Consequently, organisations such as Fair Internet for Performers (FIFP) are campaigning for a revision of making available rights. They believe that all artists should ‘enjoy an unwaivable right to receive equitable remuneration, notwithstanding any possible transfer to the producer of their exclusive right for the making available on demand of their performances, independent of any terms agreed for such transfer and in addition to any possible contractual payments that are made by producers in this respect’. This is not a left-field proposal. Croatia, Lithuania and Spain have already decided to apply equitable remuneration measures to the making available right. Copyright scholars such as Fiona McGugan also believe that equitable remuneration will benefit most performers, as do 78% of artist managers (or at least this was their position when surveyed in 2015).
There has been little economic analysis of the proposals, however. FIFP state that they represent the ‘95% of performers who simply transfer all their rights to the producer for a single payment’. In respect of sound recording, this means the session musicians. As we shall see, these performers would be better off under their proposals. But what about featured artists, those have exclusive, royalty-based contracts with record companies? Here things are not so clear-cut. When streaming began its rise to dominance, many artists were being given the same royalty rates for this use of music as they were for record sales and downloads. More recently, things have begun to change. Music Business Worldwide has reported that several ‘superstar’ performers have negotiated 50% royalty rates for streaming income, and that the ‘traditional’ deal, whereby a 20% royalty is applied to both physical sales and streaming is ‘fast becoming obsolete’.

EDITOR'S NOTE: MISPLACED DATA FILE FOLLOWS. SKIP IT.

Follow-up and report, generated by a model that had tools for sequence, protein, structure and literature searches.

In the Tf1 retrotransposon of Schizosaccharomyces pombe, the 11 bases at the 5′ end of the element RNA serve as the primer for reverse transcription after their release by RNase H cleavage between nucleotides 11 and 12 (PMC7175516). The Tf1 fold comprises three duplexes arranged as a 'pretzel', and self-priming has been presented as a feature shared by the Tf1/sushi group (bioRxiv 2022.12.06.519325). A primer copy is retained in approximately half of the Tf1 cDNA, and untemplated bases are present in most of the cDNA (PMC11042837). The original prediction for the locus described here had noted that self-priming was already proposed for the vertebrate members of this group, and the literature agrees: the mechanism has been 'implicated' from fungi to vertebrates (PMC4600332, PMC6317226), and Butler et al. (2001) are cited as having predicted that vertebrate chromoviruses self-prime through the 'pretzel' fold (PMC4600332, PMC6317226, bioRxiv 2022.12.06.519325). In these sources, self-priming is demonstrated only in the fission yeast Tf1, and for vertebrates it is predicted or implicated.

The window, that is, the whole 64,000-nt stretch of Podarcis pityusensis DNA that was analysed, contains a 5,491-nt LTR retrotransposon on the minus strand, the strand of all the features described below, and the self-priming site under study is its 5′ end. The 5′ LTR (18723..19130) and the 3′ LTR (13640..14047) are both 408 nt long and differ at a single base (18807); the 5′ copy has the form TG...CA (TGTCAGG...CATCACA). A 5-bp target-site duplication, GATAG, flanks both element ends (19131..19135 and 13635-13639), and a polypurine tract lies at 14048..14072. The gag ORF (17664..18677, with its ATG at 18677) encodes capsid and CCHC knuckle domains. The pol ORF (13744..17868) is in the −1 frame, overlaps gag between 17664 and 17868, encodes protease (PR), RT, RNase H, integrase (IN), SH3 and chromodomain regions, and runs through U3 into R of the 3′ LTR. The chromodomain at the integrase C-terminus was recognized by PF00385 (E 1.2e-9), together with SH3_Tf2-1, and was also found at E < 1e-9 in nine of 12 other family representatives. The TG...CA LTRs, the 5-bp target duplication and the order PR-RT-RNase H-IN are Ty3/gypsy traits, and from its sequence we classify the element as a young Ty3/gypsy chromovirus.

In the following, I will look at how the FIFP proposals could affect featured artists on a 20% royalty rate and those on a 50% royalty rate. In addition, I will look at their potential impact on artists who are releasing music through aggregators, and for those who have Spotify direct deals. The case for session musicians will also be outlined.
Record Company Distribution of Streaming Revenue
At present, the streaming companies keep approximately 30% of the overall money that their use of music generates before passing on the remainder to the rights owners. This money is split between the copyright in the sound recording (usually owned by the record company) and the copyright in the musical composition (usually assigned by songwriters to their music publishers and CMOs). The balance is 65/35 in favour of the recording copyright. As a result, recording artists royalty rates pan out in the following manner: